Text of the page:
Billy Crystal was one of the first actors to play a gay character on television, but that doesn’t mean he isn’t wary of some of the gay content that ends up on the small screen.

The beloved comedian opened up about his feelings regarding the nature of gay scenes on television while speaking at a panel for the Television Critics Association on Sunday in Pasadena, California, the Independent reports.

“Sometimes I think, ‘Ah that’s too much for me,'” Crystal said. “Sometimes, it’s just pushing it a little too far for my taste and I’m not going to reveal to you which ones they are.”

As Deadline reports, Crystal also spoke about his groundbreaking gay character, Jodie Dallas, which he played on ABC’s “Soap” from 1977 to 1981.

Crystal spoke about the role on Sunday, ET Canada reports:

There were times where I would say to [the actor who played his boyfriend], ‘Bob, “I love you,’ and the audience would laugh nervously, because, you know, it’s a long time ago, that I’d feel this anger. I wanted to stop the tape and go, ‘What is your problem?’ Because it made you sort of very self-conscious about what we were trying to do then. And now it’s just, I see it and I just hope people don’t abuse it and shove it in our face — well, that sounds terrible — to the point of it just feels like an everyday kind of thing.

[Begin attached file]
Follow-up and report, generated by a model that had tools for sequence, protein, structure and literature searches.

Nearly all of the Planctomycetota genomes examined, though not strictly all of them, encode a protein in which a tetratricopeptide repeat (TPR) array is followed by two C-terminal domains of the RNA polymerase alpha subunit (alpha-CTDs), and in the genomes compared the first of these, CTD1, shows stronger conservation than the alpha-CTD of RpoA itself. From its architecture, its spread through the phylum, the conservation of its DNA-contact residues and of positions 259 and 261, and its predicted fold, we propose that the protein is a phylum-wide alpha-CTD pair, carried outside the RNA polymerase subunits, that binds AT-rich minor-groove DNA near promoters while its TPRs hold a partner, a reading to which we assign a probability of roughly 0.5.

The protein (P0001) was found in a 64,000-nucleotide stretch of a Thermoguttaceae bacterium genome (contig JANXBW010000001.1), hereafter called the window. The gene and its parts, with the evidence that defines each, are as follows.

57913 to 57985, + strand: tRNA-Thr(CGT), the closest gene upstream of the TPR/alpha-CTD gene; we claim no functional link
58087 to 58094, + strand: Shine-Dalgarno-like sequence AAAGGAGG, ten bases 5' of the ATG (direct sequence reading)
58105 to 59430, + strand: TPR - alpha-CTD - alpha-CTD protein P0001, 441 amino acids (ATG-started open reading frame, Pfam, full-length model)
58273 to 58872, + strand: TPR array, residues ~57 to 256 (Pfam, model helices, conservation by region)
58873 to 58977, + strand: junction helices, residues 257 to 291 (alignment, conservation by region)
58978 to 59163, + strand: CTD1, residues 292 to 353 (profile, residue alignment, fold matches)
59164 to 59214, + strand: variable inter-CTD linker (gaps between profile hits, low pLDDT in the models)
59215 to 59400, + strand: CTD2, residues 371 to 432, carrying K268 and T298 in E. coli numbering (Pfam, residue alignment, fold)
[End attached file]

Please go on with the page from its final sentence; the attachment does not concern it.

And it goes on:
Crystal is currently promoting his upcoming new FX series “The Comedians,” which is his first television series since “Soap.”

In recent years, more and more queer content is making its way onto the airwaves. Lesbian, gay, bisexual and transgender characters and storylines can be seen in popular shows like “Looking,” “Modern Family,” “Empire,” “Transparent,” “Orange is the New Black,” “American Horror Story” and “Glee.”

Earlier this month, comedian Kevin Hart also sounded off on gay roles in Hollywood. “I can’t [play a gay character] because I don’t think I’m really going to dive into that role 100 percent, because of the insecurities about myself trying to play that part,” he told hosts of the Breakfast Club on New York’s Power 105.1. “What I think people are going to think while I’m trying to do this is going to stop me from playing that part the way I’m supposed to.”